Articulatory Phonetics 101: Diphthongs

This is Part 11 of a series covering the basics of articulatory phonetics, the study of how humans physically produce speech sounds. For the full list of posts, see the Articulatory Phonetics 101 Index.

When we last left off, we had just covered the basics of vowel production. We’re almost — almost — done with the basics of articulatory phonetics, but we have one last thing to cover, real quick:

What’s the vowel in “hi”?

If you remember what we discussed in the vowel basics article, you’ll remember that from the articulatory point of view, a vowel is defined by the position of the highest point of the tongue — specifically, how high and how far back it is. What you’ll find, though, is that when you say “hi”, your tongue moves from one position to another, creating a change in the vowel quality. In this case, the vowel begins as /a/, a low central vowel, and ends as /ɪ/, a high front lax vowel. This vowel is a diphthong, a vowel with two (Greek di-) different vowel qualities (Greek phthongos, “tone”).

Phonologically, diphthongs are considered one vowel, rather than two. If we want to indicate for clarity that /haɪ/ contains a diphthong, we can draw a tie bar over it: /ha͡ɪ/. Alternatively, we can write the diacritic ̯ under /ɪ/ to indicate that /ɪ/ is not a syllable: /haɪ̯/. (If you want to be really particular about their use, they can be used to specify slightly different things, but we won’t get into that here.)

If you ever need to indicate that two adjacent vowels are separate syllables instead of a diphthong, you can insert a syllable break . to indicate that the two vowels do not form a diphthong: /a.ɪ/.

Diphthongs of English

Depending on what variety of English you speak, you may have different numbers of diphthongs. General American has five diphthongs, and Received Pronunciation has eight diphthongs.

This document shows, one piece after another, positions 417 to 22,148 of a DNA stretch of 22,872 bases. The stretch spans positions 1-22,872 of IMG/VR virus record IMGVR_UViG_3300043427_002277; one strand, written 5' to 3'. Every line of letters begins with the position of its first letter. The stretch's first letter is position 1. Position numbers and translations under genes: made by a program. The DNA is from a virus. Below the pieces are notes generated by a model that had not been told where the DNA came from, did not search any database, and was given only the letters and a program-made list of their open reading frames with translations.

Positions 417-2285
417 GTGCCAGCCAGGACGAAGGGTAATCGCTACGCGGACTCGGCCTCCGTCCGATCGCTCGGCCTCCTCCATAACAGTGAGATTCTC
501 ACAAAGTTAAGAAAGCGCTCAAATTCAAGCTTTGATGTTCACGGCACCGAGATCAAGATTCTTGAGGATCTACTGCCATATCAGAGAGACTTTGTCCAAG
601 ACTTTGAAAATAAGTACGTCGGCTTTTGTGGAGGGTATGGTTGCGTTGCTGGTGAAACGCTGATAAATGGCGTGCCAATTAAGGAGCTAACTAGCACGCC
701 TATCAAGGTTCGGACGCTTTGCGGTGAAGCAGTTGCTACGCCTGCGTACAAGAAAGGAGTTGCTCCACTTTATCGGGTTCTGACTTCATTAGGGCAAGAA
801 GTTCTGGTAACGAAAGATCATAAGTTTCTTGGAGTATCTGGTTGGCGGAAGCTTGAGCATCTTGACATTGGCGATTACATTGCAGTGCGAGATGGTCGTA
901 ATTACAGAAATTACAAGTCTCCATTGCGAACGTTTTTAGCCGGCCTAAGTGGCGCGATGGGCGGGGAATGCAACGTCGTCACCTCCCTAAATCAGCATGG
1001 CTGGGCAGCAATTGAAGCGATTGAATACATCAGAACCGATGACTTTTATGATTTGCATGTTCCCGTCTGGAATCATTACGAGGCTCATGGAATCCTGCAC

General American diphthongs:

  • /aɪ/ as in “hi
  • /aʊ/ as in “how
  • /ɔɪ/ as in “boy
  • /eɪ/ as in “hay
  • /oʊ/ as in “hoe” (the gardening implement — minds out of gutters, please)

Received Pronunciation (or the Queen’s English, or BBC English — take your pick) diphthongs:

  • /aɪ/ as in “hi
  • /aʊ/ as in “how
  • /ɔɪ/ as in “boy
  • /eɪ/ as in “hay
  • /əʊ/ as in “hoe” (General American /oʊ/)
  • /ɪə/ as in “here” (General American /ɪɹ/)
  • /ɛə/ as in “hair” (General American /ɛɹ/)
  • /aə/ as in “hire” (General American /aɪɹ/)

/aɪ/, /aʊ/ and /aə/ begin with the low central vowel /a/, which otherwise does not appear in English.

/eɪ/ and /oʊ/ are of particular note here, because in General American and Received Pronunciation, /e/ and /o/ always appear as diphthongs. In broad transcription, it’s up to you whether you want to write out the full diphthongs /eɪ/ and /oʊ/, or if you want to leave them as /e/ and /o/.

Conclusion

That’s all I’ve got for you today. I’ll have a round-up post next week that quickly revisits all the most important concepts in articulatory phonetics, like a cheat sheet. See you all next week!